Rubus loganobaccus L. Bailey

Synonyms - Rubus x loganobaccus.
Rubus ursinus misapplied in NSW and WA.

Order: Rosales

Family: Rosaceae


Rubus is from the Latin ruber meaning red and refers to the red immature berries.
Loganobaccus commemorates its breeder Judge James H. Logan (1841-1928), a Californian horticulturist and baccus was the Roman name for Dionysus, the Greek god of wine and used because a wine was made from the fruit or the juice was mixed with wine.
Loganberry is a shortening of the species name and reference to the fruit.

Other Names:



A prickly, semi deciduous bush with sweet berries.


See the Weedy Blackberry and Rose key.




Compound. Leaflets 3, 5 or 7, arranged pinnately, but the lowest pair often pedate, lateral petiolules 0-3(10) mm long, terminal petiolule 5-20 mm long; basal leaflet pair sometimes lobed.
Stipules -
Petiole - 30-85 mm long.
Blade - of terminal leaflet 55-80 mm long, 35-65 mm wide, broadly egg shaped to broadly elliptic, base rounded to notched (subcordate), margin sharply double toothed (biserrate), apex pointed (acute to acuminate), lower surface green, with sparing pilose hairs, these mostly on veins, lamina visible.


Primocanes spreading, not arching, rounded or scarcely angled; indumentum lacking or of sparse non-glandular pilose hairs; white waxy covering rarely present with age; prickles (1)3-6 mm long, straight, patent or declined, not confined to the angles, (40)80-150 per 50 mm length.

Flower head:

Inflorescence a series of short, 150-450 mm long stems from the leaf axils of the primocane, each terminating in a sub-corymbose raceme of 6-12 flowers, the first-formed flowers usually solitary in the axils of a 3 leaflet leaf; basal floral leaves of 3 or 5 leaflets, with petiole (20)30-62 mm long, lateral petiolules 0-2 mm long, terminal petiolule 4-30 mm long, terminal leaflet 40-105 mm long, 25-105 mm wide. Mature pedicels 20-40 mm long; rachis indumentum of non glandular pilose hairs.


Ovary -
Styles - white, aging pink.
Sepals - rarely armed, densely non glandular pubescent, usually not reflexed and enclosing base of fruit, apex apiculate.
Petals - (12)14-18 mm long x 7-9 mm wide, elliptic, white, not touching, not crumpled, not cupped, apex rounded.
Stamens - shorter than styles; filaments white; anthers without pilose hairs.
Anthers -


Berry. Young carpels pubescent. Fruit ripening dark red to black, not separating from the receptacle, not hollow.




Key Characters:

Upper and lower leaf surfaces not differing markedly in colour.
Primocane rounded or obscurely angled.
Floricanes short stems from successive leaf axils, terminating in 6-12 flowered raceme.
Floral rachis densely pubescent with erect non-glandular hairs.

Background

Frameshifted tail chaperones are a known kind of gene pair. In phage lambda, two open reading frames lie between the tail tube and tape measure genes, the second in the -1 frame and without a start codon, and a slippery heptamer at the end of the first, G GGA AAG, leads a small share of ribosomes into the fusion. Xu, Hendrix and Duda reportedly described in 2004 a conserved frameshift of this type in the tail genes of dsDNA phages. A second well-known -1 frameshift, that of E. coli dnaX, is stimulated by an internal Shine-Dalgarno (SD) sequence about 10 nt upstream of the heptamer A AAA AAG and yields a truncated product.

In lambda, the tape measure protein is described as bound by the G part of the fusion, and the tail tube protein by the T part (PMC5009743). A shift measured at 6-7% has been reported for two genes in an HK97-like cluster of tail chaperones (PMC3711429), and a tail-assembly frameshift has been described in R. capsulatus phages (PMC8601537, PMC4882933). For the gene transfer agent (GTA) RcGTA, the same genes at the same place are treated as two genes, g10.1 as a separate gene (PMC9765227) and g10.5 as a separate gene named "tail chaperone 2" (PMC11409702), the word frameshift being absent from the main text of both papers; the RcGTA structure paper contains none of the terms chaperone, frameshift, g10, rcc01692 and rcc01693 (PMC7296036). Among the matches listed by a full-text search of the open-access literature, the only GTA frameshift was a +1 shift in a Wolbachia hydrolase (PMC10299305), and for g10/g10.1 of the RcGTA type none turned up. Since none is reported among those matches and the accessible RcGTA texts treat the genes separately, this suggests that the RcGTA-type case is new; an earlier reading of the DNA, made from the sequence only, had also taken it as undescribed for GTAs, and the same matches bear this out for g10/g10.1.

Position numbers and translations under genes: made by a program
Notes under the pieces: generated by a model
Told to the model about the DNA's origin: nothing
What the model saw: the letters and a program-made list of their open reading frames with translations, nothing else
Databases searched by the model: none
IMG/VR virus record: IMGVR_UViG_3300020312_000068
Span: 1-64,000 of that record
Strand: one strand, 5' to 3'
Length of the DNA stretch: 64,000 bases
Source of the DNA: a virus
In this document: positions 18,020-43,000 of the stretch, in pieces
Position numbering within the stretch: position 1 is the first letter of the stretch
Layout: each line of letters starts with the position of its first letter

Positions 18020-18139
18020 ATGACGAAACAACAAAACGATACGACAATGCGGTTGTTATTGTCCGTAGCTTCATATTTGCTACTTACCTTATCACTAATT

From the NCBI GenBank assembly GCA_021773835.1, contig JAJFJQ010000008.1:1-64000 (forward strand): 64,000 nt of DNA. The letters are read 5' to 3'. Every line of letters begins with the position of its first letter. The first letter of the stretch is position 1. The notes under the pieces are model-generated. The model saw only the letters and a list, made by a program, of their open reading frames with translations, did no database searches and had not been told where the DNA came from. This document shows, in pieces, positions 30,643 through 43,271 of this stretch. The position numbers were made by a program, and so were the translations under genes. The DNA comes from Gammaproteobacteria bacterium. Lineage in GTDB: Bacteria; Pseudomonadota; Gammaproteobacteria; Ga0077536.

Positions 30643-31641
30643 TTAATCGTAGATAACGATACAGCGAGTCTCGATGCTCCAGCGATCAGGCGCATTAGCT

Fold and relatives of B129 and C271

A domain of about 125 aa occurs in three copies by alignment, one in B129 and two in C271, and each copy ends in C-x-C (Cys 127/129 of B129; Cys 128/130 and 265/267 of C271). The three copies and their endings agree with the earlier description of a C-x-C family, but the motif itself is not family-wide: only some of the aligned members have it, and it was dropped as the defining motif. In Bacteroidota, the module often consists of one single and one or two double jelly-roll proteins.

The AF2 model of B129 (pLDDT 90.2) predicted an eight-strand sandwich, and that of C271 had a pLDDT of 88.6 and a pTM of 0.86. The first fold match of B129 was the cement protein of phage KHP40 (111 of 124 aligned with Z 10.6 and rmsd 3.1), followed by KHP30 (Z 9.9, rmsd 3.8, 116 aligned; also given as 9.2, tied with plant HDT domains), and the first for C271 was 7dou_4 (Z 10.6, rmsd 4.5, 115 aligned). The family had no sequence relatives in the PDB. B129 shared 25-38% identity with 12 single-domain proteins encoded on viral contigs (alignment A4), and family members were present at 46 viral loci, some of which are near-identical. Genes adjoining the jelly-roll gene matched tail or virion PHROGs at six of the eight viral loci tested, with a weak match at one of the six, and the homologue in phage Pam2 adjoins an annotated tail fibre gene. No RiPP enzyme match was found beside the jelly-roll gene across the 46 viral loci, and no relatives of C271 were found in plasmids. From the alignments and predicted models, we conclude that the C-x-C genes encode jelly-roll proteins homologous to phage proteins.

Pedicel more than 20 mm long.
Petals white.
Fruit oblong.
Adapted from Robyn and Bill Barker.


Life cycle:




By seed and cuttings.

Flowering times:

Seed Biology and Germination:

Vegetative Propagules:

Stem cuttings.


Loganberry is a hybrid cross between Raspberry (Rubus idaeus) and California Dewberry (Rubus ursinus).
A number of varieties exist including one that is thornless.


Population Dynamics and Dispersal:

Mainly spread by intentional planting. Grows from cuttings and stem fragments.

Origin and History:

California. North America.
Produced from a cross between Raspberry (Rubus idaeus) and California Dewberry (Rubus ursinus) in 1881 in the garden of Judge James H. Logan (1841-1928), a Californian horticulturist.
The cross represents an intergeneric hybrid since R. idaeus belongs to subgenus Idaeobatus and R. ursinus to subgenus Rubus.


NSW, SA, Tas, Vic, WA.
It has naturalised in south-western Western Australia; Eyre Peninsula, the mid-North region and from Fleurieu Peninsula in South Australia; the Canberra region in New South Wales; the Ballarat region of Victoria and from south-eastern Tasmania.

Courtesy Australia's Virtual Herbarium.



Temperate. Mediterranean.


Grows on wide range of soils.

Plant Associations:



Edible berries used for fresh fruit, conserves and pies. Fruit can be pulped, frozen or canned in sugar or syrup. A wine is made from the fruit or the juice is mixed with white or red wine.


Weed of disturbed areas.


Not recorded as toxic.



Management and Control:

Goats provide a method of non-chemical control. Infested areas are grazed with 7.5 goats per ha in the first year, then 1.25 goats per ha in subsequent years.
Slashing alone is generally ineffective.
Multiple cultivations provide control but may lead to erosion and soil structure problems.
Scalping to 30 cm and root raking can be effective but may require a follow up with other control measures to control re-shooting root and stem fragments and seedlings. Rehabilitation of the site is often required to prevent reinfestation.
Mechanical removal, or slashing and burning followed by cultivation, can provide control if repeated regularly and then followed by planting of a competitive, preferably perennial, pasture species that is grazed.
Seedlings rarely establish in dense pasture or undisturbed native vegetation.
Improving pasture management usually prevents reinfestation.